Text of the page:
NotesThe history relating to the Gillott family transport archive is divided into: local haulage; the depot, workshop and service station; taxis and hire cars; buses; highway haulage; and the move to Pymble.
Arthur Hellewell Gillott was born on 5 August 1906 at Palmerston North, New Zealand, the son of George Gillott and Clara Hamling. He undertook his Qualifying Certificate at Mortdale Public School in 1919. Throughout the 1920s and early '30s Arthur gained his early work experience in the motor engineering trade when motoring in Australia was just becoming a popular but expensive form of personal transport and the motor truck was beginning to take the place of the horse and cart. He also worked in the building trade and undertook office work being employed by the Warrawee Motor Works at Warrawee, under the management of Manager, D. Ross Limbach; Sidney Syne, contractor of Pitt Street, Sydney; The Boy Scouts Association in Margaret Street, Sydney; W.H Douglass, building and general contractors at North Fitzroy in Victoria, and the Lindfield Motor Works Ltd back on the North Shore of Sydney. During the 1920s he was also one of the racing car "kings" of the Maroubra Speedway and in 1929 married Enid Matilda Tunbridge of Warragal Road, Turramurra. From 1932 Arthur ran the service station at Lindfield for A.J. (Jack) Wagg, with a staff of six mechanics under him and also drove Wagg's Lindfield buses. Before he had turned 30 years of age Arthur had gained excellent practical experience as a motor mechanic together with office and administrative skills and working with staff which would all stand him in good stead.
On 1 January, 1935, Arthur set up his own haulage contracting business with his brother-in-law, Herbert Tunbridge, and formed the carrying firm, Tunbridge & Gillott. They each began driving a Chevrolet truck and advertised their firm as "Dependable Carrying Contractors Anything, Anywhere, Any time. We Supply Foundation Stone, Flagging, Sand, Metal, Ashes, Turf, Topdressing and Manure". The trucks undertook local carting jobs all over the North Shore at a time when building construction in the pre-War period was high. From the beginning it was a family business with Mrs Enid Gillott, Arthur's wife, an active member of the company working as his secretary.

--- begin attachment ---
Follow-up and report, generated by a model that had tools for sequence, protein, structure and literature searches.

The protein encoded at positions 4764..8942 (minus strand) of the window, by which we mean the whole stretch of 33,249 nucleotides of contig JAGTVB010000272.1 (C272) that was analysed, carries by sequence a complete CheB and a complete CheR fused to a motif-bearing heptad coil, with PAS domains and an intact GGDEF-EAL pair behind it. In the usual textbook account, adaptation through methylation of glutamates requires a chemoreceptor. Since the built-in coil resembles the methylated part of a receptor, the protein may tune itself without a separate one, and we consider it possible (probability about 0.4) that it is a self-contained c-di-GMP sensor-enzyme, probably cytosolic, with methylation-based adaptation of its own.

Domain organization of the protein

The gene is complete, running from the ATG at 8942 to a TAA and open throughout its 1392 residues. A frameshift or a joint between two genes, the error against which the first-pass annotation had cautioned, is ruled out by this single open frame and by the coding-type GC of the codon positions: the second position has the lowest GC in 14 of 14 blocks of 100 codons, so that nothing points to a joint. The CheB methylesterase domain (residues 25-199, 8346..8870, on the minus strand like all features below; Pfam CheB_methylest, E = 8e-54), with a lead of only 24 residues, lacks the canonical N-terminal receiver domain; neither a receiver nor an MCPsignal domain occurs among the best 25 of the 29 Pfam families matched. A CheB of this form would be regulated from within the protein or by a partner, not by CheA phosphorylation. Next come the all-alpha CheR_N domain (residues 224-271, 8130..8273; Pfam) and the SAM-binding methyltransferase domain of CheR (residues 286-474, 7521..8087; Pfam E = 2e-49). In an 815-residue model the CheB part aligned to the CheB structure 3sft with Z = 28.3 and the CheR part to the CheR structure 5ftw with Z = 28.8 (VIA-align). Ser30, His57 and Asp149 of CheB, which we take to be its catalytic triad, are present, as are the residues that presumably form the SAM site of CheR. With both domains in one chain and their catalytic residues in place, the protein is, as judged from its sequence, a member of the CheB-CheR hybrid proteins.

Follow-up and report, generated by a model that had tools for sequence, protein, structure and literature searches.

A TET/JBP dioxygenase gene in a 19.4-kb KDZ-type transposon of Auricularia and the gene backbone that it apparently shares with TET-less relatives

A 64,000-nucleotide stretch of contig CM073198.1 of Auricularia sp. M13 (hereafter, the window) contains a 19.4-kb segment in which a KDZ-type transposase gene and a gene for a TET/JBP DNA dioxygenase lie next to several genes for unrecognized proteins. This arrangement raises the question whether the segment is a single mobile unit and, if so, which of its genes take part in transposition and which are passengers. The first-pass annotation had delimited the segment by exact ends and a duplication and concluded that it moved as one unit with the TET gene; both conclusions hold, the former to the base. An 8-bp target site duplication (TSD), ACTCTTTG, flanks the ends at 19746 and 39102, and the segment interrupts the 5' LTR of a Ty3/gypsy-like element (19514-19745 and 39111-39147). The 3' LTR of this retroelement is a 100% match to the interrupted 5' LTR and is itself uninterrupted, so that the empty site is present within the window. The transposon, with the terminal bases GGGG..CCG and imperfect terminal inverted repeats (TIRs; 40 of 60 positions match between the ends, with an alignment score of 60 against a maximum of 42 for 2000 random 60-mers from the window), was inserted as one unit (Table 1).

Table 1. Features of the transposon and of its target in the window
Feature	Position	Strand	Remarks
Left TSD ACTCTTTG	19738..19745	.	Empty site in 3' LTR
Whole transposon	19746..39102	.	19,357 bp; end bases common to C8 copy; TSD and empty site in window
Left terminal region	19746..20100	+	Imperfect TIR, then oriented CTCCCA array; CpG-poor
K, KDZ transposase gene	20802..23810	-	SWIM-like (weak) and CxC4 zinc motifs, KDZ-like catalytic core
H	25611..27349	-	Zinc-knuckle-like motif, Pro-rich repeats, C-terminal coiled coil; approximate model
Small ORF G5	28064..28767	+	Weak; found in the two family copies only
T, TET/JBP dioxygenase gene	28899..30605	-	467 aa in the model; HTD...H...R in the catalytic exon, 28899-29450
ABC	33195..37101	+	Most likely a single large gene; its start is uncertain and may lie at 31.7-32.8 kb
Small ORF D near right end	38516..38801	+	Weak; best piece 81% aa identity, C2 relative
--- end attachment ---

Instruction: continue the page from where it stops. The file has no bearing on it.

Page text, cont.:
By the Second World War Arthur began to expand his firm having two trucks working on the graving dock at Garden Island, another in Queensland and another in the Northern Territory with the Allied Works Council. After that he went back to hauling building supplies again around the North Shore. His trucks mainly comprised the chassis of the Canadian Chevrolet, "Maple-Leaf" with bodies built in his own workshop. The early trucks included:
Truck No. 1, a 1940 Maple Leaf 133-inch wheelbase tipper, in a blue livery, new on 10 October 1940, and paid for in cash for 596 pounds 10 shillings, with registration number KP588 and EZ318. During the Second World War Gillott sent this truck to Pine Creek in the Northern Territory to construct the road between Alice Springs and Darwin for the Civil Construction Company.
Truck No.2, a 1939 "Maple-Leaf" tipper, in a blue livery.
Truck No.3, a 1938 "Maple-Leaf" tipper in a fawn livery with registration number EZ 317. This truck was impressed for use by the Army on 26 May 1942.
Truck No.4, a 1938 "Maple-Leaf" tipper with a hoist, in a blue livery and registration number EZ 272.
Truck No.5, a 1936 International C35 bought from LS Board for 520 pounds with registration number NA 392. This truck was sold to C. Fletcher of West Ryde on 2 October 1943.